General Election 2015: Tories win first week of campaigning as polls rise

Support for the Tories has edged up in our weekly poll of polls from 33 per cent last week to 34 per cent now

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The Conservatives appear to have won the first week of the election campaign – but still have plenty to do if David Cameron is to remain in Downing Street after May 7.

Support for the Tories has edged up in our weekly poll of polls from 33 per cent last week to 34 per cent now. That is enough to put Mr Cameron neck and neck with Labour after having been a point behind during the last fortnight.

Indeed, the Tories were ahead, albeit usually only very narrowly, in as many as six of the dozen polls published during the last week. Labour was ahead in only three, while the two parties were tied in the remaining three.

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Just how well Ukip is doing continues to be a point on which the polls disagree. During this week, one poll put its support as low as 10 per cent while another put is as high as 17 per cent (Ken McKay/ITV/PA)

At the same time Conservative strategists will take heart from the fact that Ukip support has eased down a point for the second week in a row. It now stands at 13 per cent. However, this is still well above the 3 per cent Ukip  won in 2010, while the party continues to attract former Conservative voters at more than twice the rate at which it is winning votes from Labour.

 

However, just how well Ukip is doing continues to be a point on which the polls disagree. During this week, one poll put its support as low as 10 per cent while another put is as high as 17 per cent.  Exactly how big a threat Nigel Farage is posing remains uncertain.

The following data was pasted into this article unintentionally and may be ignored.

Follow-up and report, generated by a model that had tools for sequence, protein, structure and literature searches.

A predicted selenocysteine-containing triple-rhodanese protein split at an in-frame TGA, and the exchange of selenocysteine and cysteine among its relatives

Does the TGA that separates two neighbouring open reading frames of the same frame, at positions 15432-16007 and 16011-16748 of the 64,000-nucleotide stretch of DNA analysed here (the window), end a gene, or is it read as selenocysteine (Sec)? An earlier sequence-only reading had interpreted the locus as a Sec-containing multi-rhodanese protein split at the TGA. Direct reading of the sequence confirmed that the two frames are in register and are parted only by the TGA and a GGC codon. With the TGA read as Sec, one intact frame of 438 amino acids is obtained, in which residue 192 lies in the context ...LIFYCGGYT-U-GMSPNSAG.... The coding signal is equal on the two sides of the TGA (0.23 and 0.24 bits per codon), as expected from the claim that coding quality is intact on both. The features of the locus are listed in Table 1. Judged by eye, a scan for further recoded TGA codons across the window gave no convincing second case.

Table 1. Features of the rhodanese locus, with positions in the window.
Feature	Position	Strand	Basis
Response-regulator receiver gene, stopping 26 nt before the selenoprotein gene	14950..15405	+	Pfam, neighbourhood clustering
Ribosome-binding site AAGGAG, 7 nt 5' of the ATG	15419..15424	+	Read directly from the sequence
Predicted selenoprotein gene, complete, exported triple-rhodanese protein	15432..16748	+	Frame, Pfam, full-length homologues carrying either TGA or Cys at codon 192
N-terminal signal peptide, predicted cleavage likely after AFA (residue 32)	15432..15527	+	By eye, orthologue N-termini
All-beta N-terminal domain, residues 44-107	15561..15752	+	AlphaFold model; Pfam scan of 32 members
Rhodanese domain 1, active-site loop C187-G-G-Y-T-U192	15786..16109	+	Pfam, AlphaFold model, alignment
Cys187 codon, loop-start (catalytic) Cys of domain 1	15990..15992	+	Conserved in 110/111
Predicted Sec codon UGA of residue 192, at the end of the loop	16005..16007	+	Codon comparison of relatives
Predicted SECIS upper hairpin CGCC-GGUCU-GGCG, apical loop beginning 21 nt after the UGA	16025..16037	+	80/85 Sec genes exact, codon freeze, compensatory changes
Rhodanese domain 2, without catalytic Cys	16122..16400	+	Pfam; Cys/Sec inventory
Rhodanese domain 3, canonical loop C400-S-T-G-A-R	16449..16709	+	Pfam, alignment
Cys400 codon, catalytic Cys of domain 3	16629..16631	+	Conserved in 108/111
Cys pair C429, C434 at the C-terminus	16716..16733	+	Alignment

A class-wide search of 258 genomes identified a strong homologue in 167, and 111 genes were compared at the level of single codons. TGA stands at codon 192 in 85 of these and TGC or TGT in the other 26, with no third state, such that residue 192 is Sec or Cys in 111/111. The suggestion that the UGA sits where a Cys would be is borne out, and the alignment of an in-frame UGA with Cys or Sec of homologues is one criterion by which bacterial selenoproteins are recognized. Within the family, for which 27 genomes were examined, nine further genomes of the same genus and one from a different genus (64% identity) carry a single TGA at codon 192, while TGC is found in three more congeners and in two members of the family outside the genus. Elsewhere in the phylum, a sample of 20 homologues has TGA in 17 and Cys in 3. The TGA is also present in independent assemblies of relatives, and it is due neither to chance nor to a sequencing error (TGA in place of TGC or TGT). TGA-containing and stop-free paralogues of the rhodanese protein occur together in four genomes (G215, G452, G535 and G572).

In contrast none of this week’s polls put either the Tories or Labour below 32 per cent or above 36 per cent. Every pollster agrees that the Conservative/Labour battle is very tight.

However, it is still too tight for Mr Cameron. Because Labour-held constituencies are smaller than Conservative ones, it is easier for Labour to win most seats.  Even though Labour continues to be at risk of heavy losses in Scotland, our latest seat projection puts the party on 293 seats, eighteen ahead of the Conservatives on 275.

With Nick Clegg projected to secure just 16 seats, the Prime Minister would be left with too few allies to be able to sustain a government. The 48 MPs that might be won by the SNP together with their Welsh and Green allies would be able to carry out their threat to block Mr Cameron’s path back to power.

Not that having to rely on the SNP would be a particularly attractive a prospect in Ed Miliband’s eyes. There is still plenty for both men to fight over.

John Curtice is Professor of Politics, Strathclyde University

The Independent has got together with May2015.com to produce a poll of polls that produces the most up-to-date data in as close to real time as possible.

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